Updated: Sep 19, 2021
We report a real-world experience using fluvoxamine for coronavirus disease 19 (COVID-19) in a prospective cohort in the setting of a mass outbreak. Overall, 65 persons opted to receive fluvoxamine (50 mg twice daily) and 48 declined. Incidence of hospitalization was 0% (0 of 65) with fluvoxamine and 12.5% (6 of 48) with observation alone. At 14 days, residual symptoms persisted in 0% (0 of 65) with fluvoxamine and 60% (29 of 48) with observation.
We read with interest Lenze et al’s double-blind randomized clinical trial testing fluvoxamine for early treatment of coronavirus disease 2019 (COVID-19). In this 152 people outpatient trial, fluvoxamine decreased clinical progression, defined as hypoxia (<92% oxygen saturation) coupled with either shortness of breath or hospitalization, from 8% (6 of 72) with observation alone to 0% (0 of 80) with fluvoxamine at up to 300 mg daily (P = .009). Although fluvoxamine is a selective serotonin reuptake inhibitor, fluvoxamine also activates sigma-1 receptors present intracellularly in the endoplasmic reticulum, thereby decreasing cytokine production]. We wish to share our recent real-world experience using fluvoxamine inspired by this recent trial.
In November–December 2020, a mass outbreak of COVID-19 occurred in an occupational setting with congregate living at a horse racing track in California. We instituted 3 successive rounds of mass testing for severe acute respiratory syndrome coronavirus 2 (SARS-CoV-2) with simultaneous BinaxNOW COVID-19 Antigen Cards (Abbott) coupled with polymerase chain reaction (PCR) confirmation of collected nasal swabs by the California Department of Public Health Viral and Rickettsial Disease Laboratory in Richmond, California. All PCR testing results were concordant with the Abbott BinaxNOW rapid diagnostic tests.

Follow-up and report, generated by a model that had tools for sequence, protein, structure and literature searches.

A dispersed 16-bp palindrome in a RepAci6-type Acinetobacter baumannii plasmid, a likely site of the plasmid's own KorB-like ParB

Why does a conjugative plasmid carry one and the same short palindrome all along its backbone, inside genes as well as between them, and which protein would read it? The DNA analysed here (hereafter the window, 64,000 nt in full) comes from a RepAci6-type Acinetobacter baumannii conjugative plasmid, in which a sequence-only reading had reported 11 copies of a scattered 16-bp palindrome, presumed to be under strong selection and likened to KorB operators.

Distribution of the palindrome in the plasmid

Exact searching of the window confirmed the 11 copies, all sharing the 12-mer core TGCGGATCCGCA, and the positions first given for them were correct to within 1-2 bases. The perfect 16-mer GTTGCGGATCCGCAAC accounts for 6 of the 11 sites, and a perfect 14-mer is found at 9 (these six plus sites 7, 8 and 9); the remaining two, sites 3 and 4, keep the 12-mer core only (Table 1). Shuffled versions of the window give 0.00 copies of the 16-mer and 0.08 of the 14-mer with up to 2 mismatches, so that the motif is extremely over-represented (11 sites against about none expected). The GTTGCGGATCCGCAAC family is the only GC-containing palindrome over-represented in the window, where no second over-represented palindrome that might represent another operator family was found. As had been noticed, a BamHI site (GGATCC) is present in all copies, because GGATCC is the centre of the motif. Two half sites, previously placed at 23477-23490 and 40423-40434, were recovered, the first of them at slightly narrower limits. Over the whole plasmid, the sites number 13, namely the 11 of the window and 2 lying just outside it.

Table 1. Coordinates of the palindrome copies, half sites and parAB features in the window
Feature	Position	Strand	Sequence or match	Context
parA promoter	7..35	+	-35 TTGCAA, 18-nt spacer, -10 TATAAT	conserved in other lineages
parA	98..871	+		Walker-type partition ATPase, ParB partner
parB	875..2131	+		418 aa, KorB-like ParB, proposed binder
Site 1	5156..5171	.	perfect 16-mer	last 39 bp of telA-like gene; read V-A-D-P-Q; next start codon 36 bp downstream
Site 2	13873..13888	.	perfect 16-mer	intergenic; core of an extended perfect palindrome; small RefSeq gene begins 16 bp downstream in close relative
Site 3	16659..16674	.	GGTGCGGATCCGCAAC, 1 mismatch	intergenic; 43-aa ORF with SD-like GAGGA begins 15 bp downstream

After receiving their rapid diagnostic test results, persons with COVID-19 were required to isolate as per local health protocols. On the same day as positive rapid testing, patients were offered fluvoxamine as an optional therapy. All patients were counseled by author D.S. regarding the limited nature of the data supporting fluvoxamine. After evaluation for any specific contraindications or deleterious drug-drug interactions (none excluded), the choice was at the patient’s discretion. Fluvoxamine was prescribed with a 50- to 100-mg loading dose, then 50 mg twice daily for 14 days. The facility provided the fluvoxamine at no cost. All patients were followed up in person at 7 and 14 days. No patients were lost to follow-up.
Patient Consent Statement
Patients consented to their medical treatment. As a quality improvement initiative, we assessed 14-day outcomes, analyzing the existing collected, de-identified data (Institutional Review Board exempt by the University of Minnesota).